Food preservation is the scientific method that involves stopping or slowing down the deterioration of food, enabling it to be suitable for future consumption. This process maintains the food's quality, consumability, and nutritional value. It includes inhibiting the growth of fungi, bacteria, and other microorganisms. The procedure also guarantees no discoloration or aging occurs. Preservation also includes sealing methods to block the re-entry of microbes. In essence, food preservation ensures that food:
- Is not tainted by harmful organisms or chemicals
- Retains its prime characteristics of color, texture, flavor, and nutritional value
Salting and Pickling
For many centuries, the techniques of pickling and salting have been utilized for food preservation. The method of pickling was first employed by native Indians in 2030 BCE to keep cucumbers fresh, while salting has been traced back to around 6000 BC. Both methods deter the activities of bacteria and other microorganisms, thereby preventing food from spoiling.
Salting extracts moisture from food, creating an environment that inhibits bacterial growth. This method is predominantly used to preserve a wide range of foods, from vegetables like beans, corn, and cabbages to fruits such as pears and apples, as well as butter, fish, cheese, meat, and bread products.
On the other hand, pickling involves establishing an acidic environment that effectively eliminates bacteria. This can be done by combining common salt and water (to form brine), which results in lactic acid, or a mixture of vinegar (acetic acid), spices, and oil.
Freezing is one of the most straightforward, handy, and time-efficient methods to prolong the freshness of produce. The severe cold associated with freezing halts the progression of potentially harmful microorganisms, thus minimizing food decay.
You can slice and freeze fruits and vegetables at their ripest, yielding maximum nutritional value, and incorporate them into meals throughout the year. To avoid the common browning and freezer burn when herbs are frozen alone, fresh herbs can be conserved by freezing them in vegetable oil. When combined with seasonal or frozen vegetables, this strategy provides an uncomplicated approach to keeping herbs ready for use in winter recipes.
Lyophilization, more commonly known as freeze-drying, is a top-notch and health-conscious method of food preservation. It effectively removes up to 99% of water from food items. The process of freeze-drying involves three stages:
- Initial freezing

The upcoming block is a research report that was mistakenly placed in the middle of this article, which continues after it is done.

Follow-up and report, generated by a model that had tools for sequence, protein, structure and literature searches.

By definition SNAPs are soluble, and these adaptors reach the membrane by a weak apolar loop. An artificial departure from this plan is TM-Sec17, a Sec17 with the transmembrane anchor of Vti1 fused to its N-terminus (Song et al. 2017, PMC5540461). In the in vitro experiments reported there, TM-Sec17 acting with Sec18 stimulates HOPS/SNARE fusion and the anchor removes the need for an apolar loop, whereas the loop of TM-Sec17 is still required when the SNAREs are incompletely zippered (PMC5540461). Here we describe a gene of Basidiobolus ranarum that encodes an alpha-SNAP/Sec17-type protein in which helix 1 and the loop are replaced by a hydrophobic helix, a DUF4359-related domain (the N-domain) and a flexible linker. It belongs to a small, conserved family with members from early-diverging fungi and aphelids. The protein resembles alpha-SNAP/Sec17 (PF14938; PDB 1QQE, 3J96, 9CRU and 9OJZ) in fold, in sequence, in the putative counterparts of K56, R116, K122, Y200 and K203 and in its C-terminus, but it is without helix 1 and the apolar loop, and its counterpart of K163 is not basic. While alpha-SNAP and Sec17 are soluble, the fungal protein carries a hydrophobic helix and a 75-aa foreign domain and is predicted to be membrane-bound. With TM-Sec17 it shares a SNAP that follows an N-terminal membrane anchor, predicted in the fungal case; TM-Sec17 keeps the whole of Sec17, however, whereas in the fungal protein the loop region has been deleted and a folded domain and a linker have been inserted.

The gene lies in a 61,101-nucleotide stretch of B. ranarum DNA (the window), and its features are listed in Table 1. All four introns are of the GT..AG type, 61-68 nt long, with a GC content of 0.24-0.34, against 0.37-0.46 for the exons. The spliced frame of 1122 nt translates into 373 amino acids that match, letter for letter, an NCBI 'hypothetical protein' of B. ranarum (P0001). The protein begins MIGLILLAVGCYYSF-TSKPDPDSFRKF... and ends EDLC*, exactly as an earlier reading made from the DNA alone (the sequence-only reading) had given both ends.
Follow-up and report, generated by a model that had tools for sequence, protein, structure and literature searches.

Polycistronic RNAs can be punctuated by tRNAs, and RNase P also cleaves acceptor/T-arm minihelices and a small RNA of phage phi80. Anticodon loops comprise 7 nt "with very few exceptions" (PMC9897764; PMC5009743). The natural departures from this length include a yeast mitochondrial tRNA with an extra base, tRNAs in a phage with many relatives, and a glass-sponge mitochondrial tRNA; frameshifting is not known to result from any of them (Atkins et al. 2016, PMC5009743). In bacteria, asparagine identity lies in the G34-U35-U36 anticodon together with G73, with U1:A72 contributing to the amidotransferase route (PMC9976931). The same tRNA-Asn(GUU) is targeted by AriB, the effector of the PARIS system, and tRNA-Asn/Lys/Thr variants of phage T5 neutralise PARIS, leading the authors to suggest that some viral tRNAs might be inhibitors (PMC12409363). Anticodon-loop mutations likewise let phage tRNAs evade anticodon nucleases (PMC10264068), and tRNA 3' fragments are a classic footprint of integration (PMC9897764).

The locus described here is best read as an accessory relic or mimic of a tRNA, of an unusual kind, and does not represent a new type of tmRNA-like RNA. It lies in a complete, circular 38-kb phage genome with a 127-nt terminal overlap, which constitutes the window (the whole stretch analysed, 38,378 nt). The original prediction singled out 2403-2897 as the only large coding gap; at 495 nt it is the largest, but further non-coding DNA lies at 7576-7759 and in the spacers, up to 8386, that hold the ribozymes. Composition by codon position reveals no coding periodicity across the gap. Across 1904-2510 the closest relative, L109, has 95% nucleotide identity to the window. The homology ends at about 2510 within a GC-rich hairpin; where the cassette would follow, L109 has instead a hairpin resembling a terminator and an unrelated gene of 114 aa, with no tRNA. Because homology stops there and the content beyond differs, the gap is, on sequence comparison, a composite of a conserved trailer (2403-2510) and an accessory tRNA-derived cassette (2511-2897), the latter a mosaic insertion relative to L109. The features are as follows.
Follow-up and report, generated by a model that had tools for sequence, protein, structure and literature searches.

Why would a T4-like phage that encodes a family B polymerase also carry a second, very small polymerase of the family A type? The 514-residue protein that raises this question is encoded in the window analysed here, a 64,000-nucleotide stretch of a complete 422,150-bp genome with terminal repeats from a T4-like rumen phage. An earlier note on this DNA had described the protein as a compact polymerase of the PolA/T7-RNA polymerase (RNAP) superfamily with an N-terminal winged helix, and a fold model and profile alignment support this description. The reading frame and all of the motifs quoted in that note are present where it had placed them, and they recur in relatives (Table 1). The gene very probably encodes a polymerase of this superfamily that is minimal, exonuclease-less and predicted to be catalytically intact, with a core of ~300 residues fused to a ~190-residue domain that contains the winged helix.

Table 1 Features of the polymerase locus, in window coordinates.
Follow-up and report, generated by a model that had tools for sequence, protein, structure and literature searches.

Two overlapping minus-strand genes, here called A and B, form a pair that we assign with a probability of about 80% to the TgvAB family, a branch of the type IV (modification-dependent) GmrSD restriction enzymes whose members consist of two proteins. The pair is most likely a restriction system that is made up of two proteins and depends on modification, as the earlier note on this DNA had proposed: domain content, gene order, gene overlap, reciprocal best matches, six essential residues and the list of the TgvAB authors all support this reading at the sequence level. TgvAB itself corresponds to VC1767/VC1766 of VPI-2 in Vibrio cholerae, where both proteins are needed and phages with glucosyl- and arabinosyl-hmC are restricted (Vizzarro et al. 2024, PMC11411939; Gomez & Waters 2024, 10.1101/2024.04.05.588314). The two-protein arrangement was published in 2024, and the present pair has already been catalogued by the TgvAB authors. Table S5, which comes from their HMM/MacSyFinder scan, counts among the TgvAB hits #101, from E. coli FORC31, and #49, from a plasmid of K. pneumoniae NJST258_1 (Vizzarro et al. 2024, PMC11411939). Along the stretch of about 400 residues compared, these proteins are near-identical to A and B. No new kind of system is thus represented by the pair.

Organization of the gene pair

- Drying under high-pressure vacuum
- A final round of drying
Initially, the temperature of the food is reduced below its freezing point. Then, a high-pressure vacuum extracts moisture from the food, which is converted into ice via sublimation for effortless removal.
The last step consists of a slow temperature increase to eliminate residual moisture, ensuring the food's structure remains intact. The food is then stored for future rehydration and consumption. Unlike regular freezing, freeze-drying actively extracts moisture from food, thereby preventing the growth of bacteria and other microbes. This characteristic significantly enhances the shelf life of the food.
Food irradiation involves using ionizing radiation to extend the shelf life of food. It also kills bacteria, insects, and other parasites present within or on food items. Irradiation begins by placing the food into a chamber where it undergoes an intense and controlled dose of ionizing radiation. This process is intended to kill off any living organisms in and on the food, thereby eliminating potential pathogens.
Food irradiation has been approved by the World Health Organization (WHO) and the United States Food and Drug Administration (FDA). However, it remains controversial due to concerns about long-term health effects.
It is primarily used in industries that process meat and poultry products and some fruits and vegetables. You can check an article from TDI Packsys to decipher the myth about Food irradiation.
By Leaving Out Air
Preservation through air exclusion is a method applied to food. The most common way of doing this is canning. Food is stored in airtight containers to keep air out. Canning is a versatile method, applicable to a wide range of foods. While buying pre-canned goods can sometimes be more cost-effective than home preservation, the latter can become expensive due to the need to purchase the food and the necessary equipment such as glass jars, rubber seals, and a pressure cooker.
However, when produce is abundant, it's advisable to can the excess to avoid wastage. Stored canned items should be kept in a cool, dry location, with each jar accurately labeled for easy identification. Regular cleaning and organizing storage shelves are recommended for easy access and visibility of cans and jars. While metal is the typical material associated with cans, any container that can be sealed - including glass jars, plastic pouches, or foil packets - can serve the same purpose.
A variety of food preservation methods exist. The most effective one for you hinges on your specific requirements and liking. Before preserving food, conduct an exhaustive study to ensure you opt for the most appropriate technique for your particular scenario.